Con la garantía de Vox y Laurosse Vox Larousse
Sólo te quedan 4 consultas gratuitas
Lengua inglesa
force pronunciación 1
1 strength; power; impact or impetus.
2 compulsion, especially with threats or violence.
3 military power.
4 passion or earnestness.
5 strength or validity the force of her argument come into force .
6 meaning.
7 influence by force of habit .
8 a person or thing seen as an influence a force for good .
9 physics (SI unit newton) (abbreviation F)
a any external agent that produces a change in the speed or direction of a moving object, or that makes a stationary object move the force of gravity ;
b any external agent that produces a strain on a static object.
10 any irresistible power or agency the forces of nature .
11 the term used in specifying an index between 0 and 12 on the Beaufort scale, each of which corresponds to a different wind speed a gale of force 8 a force-10 gale .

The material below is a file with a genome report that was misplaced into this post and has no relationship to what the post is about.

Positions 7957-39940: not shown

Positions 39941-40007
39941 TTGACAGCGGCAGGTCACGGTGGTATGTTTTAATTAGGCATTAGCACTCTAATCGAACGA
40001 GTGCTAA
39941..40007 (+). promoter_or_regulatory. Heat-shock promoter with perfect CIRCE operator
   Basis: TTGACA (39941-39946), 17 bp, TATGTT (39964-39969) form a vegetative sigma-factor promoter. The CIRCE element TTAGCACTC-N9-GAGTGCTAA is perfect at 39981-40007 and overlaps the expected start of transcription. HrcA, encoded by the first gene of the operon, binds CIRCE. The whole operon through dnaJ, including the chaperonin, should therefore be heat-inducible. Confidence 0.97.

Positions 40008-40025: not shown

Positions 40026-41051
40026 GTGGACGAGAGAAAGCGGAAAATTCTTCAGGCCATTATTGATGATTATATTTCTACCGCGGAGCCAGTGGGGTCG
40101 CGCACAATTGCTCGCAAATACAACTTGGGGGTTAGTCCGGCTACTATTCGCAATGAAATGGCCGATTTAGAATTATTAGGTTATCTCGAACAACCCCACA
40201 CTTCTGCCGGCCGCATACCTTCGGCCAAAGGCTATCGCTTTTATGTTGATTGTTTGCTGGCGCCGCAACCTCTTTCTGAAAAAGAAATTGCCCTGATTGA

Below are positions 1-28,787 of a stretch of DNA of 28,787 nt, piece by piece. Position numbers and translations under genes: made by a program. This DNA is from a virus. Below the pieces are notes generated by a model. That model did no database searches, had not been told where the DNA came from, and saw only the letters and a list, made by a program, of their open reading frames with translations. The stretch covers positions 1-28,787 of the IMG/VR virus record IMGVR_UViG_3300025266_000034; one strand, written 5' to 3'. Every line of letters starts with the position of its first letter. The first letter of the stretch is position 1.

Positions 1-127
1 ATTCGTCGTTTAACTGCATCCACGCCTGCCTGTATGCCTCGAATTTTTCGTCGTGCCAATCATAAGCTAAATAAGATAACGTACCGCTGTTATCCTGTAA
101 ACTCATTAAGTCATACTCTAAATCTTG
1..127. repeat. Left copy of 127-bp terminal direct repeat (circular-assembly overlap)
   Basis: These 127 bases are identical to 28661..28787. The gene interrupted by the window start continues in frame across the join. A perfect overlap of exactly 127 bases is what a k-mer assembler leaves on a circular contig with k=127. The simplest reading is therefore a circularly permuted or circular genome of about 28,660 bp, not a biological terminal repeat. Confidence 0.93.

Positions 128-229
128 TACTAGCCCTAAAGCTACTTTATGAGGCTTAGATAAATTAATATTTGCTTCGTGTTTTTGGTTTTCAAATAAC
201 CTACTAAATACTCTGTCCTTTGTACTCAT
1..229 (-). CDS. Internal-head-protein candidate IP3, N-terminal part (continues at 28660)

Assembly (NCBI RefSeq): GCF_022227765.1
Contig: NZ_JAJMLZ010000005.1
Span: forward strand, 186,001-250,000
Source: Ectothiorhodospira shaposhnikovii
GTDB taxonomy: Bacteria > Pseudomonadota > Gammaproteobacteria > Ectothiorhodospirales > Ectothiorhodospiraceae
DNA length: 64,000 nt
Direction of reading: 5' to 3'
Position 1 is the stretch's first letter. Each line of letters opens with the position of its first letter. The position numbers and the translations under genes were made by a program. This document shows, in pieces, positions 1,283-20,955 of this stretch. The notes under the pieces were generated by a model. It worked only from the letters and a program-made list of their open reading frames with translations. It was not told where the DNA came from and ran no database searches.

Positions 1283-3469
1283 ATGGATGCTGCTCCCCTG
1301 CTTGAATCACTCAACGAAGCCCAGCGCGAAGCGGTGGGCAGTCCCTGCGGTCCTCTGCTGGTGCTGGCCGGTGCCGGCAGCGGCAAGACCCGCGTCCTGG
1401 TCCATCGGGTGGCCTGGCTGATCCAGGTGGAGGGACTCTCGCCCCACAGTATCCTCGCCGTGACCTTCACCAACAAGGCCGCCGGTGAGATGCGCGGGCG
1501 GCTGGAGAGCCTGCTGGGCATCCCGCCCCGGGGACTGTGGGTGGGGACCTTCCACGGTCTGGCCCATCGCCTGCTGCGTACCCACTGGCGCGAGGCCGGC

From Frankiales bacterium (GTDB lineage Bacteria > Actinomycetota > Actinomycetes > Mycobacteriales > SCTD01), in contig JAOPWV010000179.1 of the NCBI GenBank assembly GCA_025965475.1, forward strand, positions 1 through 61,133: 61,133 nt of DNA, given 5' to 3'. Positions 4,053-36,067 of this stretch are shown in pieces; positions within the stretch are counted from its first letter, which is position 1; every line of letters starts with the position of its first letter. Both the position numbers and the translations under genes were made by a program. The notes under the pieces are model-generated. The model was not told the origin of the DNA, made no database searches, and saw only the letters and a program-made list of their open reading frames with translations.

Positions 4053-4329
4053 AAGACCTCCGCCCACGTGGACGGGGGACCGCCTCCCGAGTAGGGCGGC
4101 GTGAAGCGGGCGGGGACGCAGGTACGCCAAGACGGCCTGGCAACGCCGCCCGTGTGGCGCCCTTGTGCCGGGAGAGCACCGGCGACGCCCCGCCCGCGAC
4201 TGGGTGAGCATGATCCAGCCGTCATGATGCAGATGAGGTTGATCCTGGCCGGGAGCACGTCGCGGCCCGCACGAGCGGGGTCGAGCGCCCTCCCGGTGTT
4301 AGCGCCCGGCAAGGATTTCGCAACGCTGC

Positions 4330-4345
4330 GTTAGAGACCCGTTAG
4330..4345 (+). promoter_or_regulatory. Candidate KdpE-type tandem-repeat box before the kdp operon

12 a a military body;
b (the forces) a nation's armed services.
13 any organized body of workers, etc.
14 (the force) the police force.
verb (forced , forcing )
1 to make or compel someone to do something.
2 to drive or push someone or something, especially using physical strength or meeting resistance The president was forced out of office .
3 to obtain something by effort, strength, threats, violence, etc forced an admission from them .
4 to produce something with an effort.
5 to inflict (eg views, opinions etc) on someone force one's opinions on people .
6 to make (a plant) grow or (fruit) ripen unnaturally quickly or early so that it can appear on the market out of its normal season Nowadays, tomatoes are often forced .